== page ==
"That’s a complicated question. I didn’t plan her, she just appeared in the story, which really startled me. She scared me and fascinated me. Obviously she has ties to archetype all cultures have of a magical dwarf, a guide from another dimension. She was such a fascinating character to me that she was one of the main reasons I wanted to expand the short story into a book, and now that I’ve done that I still want to know more – I will be focusing the sequel more on her: where she comes from, who she really is. But the reality of her is also based a little on Billy Barty, the famous little person actor. I performed with him in the first professional show I ever did on stage. I was just eight and had never met a little person before, much less a film star little person, and he had an amazing power, charisma and mysteriousness that obviously left a huge impression on me."
5. Tyler and Anna are connected because they share the same dream. Because Tyler is from the popular crowd and Anna is not, would they have ever been friends if it weren’t for the dream?
"No, I don't think so. I don't think Anna would have had the courage to talk to him if it hadn't been a life-and-death situation. Her concern for him - and for the rest of the school - is what makes her able to put her shyness aside. And Tyler is so caught up in what he's dealing with, himself - I just don't think he would have noticed her."
6. This novel shed light on the plight of veterans post-war, especially Gulf War Syndrome. Did you have to do a lot of research on this topic for the book?
"I was aware of GWS from the news and because of a friend whose father had symptoms; then I did research to see what the history and politics of it are."
7. School shootings have increased in number over the last few decades. How did you decide that would be one of the focuses of the novel?
"I've always wanted to do a story about a school shooting - again, it's part of my longtime fascination with the dark side of the teenage years. It's what can happen when a teenager slips through the cracks."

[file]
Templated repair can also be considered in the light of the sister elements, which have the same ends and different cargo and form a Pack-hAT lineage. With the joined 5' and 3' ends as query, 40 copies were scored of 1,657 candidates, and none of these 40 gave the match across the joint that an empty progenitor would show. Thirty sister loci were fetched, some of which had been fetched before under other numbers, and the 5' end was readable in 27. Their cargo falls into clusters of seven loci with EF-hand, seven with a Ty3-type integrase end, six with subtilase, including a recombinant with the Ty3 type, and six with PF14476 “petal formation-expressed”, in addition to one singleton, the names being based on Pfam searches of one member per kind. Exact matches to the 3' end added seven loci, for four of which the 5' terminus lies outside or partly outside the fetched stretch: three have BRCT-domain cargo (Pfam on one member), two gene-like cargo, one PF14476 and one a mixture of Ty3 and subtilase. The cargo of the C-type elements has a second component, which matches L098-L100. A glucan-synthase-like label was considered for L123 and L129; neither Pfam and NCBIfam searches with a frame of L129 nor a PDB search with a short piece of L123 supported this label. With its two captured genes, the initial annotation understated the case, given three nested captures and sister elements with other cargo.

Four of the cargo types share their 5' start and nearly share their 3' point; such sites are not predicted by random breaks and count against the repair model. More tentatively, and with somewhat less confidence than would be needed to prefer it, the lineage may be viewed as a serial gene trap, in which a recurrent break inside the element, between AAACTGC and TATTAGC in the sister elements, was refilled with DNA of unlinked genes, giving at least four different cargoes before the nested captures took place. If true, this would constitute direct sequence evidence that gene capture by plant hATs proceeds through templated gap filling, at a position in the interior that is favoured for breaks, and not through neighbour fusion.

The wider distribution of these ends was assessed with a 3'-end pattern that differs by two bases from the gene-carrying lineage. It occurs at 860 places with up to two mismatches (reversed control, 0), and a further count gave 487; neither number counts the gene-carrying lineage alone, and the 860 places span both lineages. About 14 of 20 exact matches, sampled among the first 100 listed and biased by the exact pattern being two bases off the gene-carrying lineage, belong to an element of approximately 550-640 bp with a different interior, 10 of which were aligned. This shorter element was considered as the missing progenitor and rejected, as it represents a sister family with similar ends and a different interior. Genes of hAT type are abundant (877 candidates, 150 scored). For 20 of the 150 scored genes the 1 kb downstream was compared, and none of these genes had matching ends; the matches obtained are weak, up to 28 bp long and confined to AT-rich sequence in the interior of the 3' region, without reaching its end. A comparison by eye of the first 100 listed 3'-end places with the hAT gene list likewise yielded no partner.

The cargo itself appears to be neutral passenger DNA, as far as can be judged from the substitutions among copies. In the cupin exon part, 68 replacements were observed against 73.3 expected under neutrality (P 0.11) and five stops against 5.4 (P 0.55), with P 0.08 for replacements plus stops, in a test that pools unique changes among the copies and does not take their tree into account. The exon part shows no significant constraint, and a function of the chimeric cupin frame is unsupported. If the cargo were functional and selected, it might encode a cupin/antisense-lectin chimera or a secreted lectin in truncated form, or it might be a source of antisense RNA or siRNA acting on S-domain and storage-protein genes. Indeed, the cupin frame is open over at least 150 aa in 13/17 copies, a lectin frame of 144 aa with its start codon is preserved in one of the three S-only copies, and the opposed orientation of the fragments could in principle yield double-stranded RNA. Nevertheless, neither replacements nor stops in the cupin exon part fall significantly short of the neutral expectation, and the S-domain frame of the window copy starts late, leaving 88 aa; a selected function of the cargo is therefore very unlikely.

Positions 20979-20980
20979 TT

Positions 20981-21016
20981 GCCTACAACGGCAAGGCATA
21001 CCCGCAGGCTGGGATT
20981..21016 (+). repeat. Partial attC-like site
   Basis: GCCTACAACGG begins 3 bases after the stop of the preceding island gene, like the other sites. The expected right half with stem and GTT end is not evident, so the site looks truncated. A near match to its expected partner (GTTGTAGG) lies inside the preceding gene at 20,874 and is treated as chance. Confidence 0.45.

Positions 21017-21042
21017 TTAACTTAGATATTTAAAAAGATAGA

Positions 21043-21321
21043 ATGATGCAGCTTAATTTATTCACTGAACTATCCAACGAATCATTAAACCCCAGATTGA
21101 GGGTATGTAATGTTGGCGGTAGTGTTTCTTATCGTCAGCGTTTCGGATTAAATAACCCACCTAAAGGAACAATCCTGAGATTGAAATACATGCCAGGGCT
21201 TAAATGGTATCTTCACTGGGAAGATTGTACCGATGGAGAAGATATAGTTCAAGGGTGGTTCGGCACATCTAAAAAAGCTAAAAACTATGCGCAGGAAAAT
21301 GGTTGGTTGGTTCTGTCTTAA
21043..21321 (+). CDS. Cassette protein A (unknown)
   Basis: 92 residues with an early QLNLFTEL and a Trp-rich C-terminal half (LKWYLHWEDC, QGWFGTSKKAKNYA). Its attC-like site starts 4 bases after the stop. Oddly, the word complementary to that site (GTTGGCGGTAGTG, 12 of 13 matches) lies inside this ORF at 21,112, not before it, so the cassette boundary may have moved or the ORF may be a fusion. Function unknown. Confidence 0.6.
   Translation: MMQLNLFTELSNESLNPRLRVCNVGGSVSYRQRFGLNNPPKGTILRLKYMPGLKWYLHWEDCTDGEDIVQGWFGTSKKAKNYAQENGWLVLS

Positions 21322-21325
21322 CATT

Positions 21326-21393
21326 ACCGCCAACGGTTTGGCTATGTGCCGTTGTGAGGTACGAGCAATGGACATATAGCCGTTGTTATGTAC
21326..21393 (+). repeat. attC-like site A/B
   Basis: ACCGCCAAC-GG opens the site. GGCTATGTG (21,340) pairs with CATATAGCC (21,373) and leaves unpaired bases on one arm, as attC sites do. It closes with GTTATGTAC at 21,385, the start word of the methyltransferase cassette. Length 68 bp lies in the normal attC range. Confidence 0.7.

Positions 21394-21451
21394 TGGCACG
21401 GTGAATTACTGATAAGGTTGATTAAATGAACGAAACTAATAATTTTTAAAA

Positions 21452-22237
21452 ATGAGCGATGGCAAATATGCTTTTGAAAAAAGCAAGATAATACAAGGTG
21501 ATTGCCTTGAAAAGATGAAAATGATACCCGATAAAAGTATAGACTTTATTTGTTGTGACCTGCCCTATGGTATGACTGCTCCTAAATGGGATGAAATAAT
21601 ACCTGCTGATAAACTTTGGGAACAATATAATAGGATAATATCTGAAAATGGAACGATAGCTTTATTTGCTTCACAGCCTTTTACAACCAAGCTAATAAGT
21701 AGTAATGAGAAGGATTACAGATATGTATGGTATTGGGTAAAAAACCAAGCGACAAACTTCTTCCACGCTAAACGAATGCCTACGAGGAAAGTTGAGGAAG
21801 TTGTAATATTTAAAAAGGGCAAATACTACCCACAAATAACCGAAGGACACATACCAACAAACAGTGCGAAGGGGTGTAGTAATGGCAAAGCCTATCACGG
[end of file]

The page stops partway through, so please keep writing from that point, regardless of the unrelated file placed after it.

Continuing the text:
8. There are several mathematical and scientific formulas in this story. How hard were those to figure out and create or adapt for the story?
"Brutal! I'm not a math/science person. But that's a lot because I had a predatory teacher like the one who sexually harasses Anna in the book. But there are concepts in quantum physics, like the many-worlds theory, that are just way too cool not to write about. I hope I made it simple enough for people to grasp the general idea, and imagine the possibilities."
9. What advice would you give a first-time suspense writer?
"You know, I teach and write and blog about this; it's hard for me to say just one thing about suspense writing! But the bottom line is - write the book that you would want to read, and look to your favorite writers to see how they create the effects that work for you in the books you love."
I have two blog posts about it that sum up some of my best tips about writing suspense:
Creating Suspense: http://thedarksalon.blogspot.com/2008/11/creating-suspense.html
Creating Suspense, part 2: http://thedarksalon.blogspot.com/2009/01/creating-suspense-part-2.html10.
10. What genre would you never consider touching with a ten-foot pole and why?
"Hah, great question. I can't see myself ever writing a "sweet romance". As you've probably guessed, I'm not a "happily ever after" kind of person. I don't believe there's any real happy ending for anyone until we actually take a hard look at the problems all around us, especially the problems of children and teenagers, and DO something about those issues."
For more information about Alex and her other works, please visit http://www.alexandrasokoloff.com/.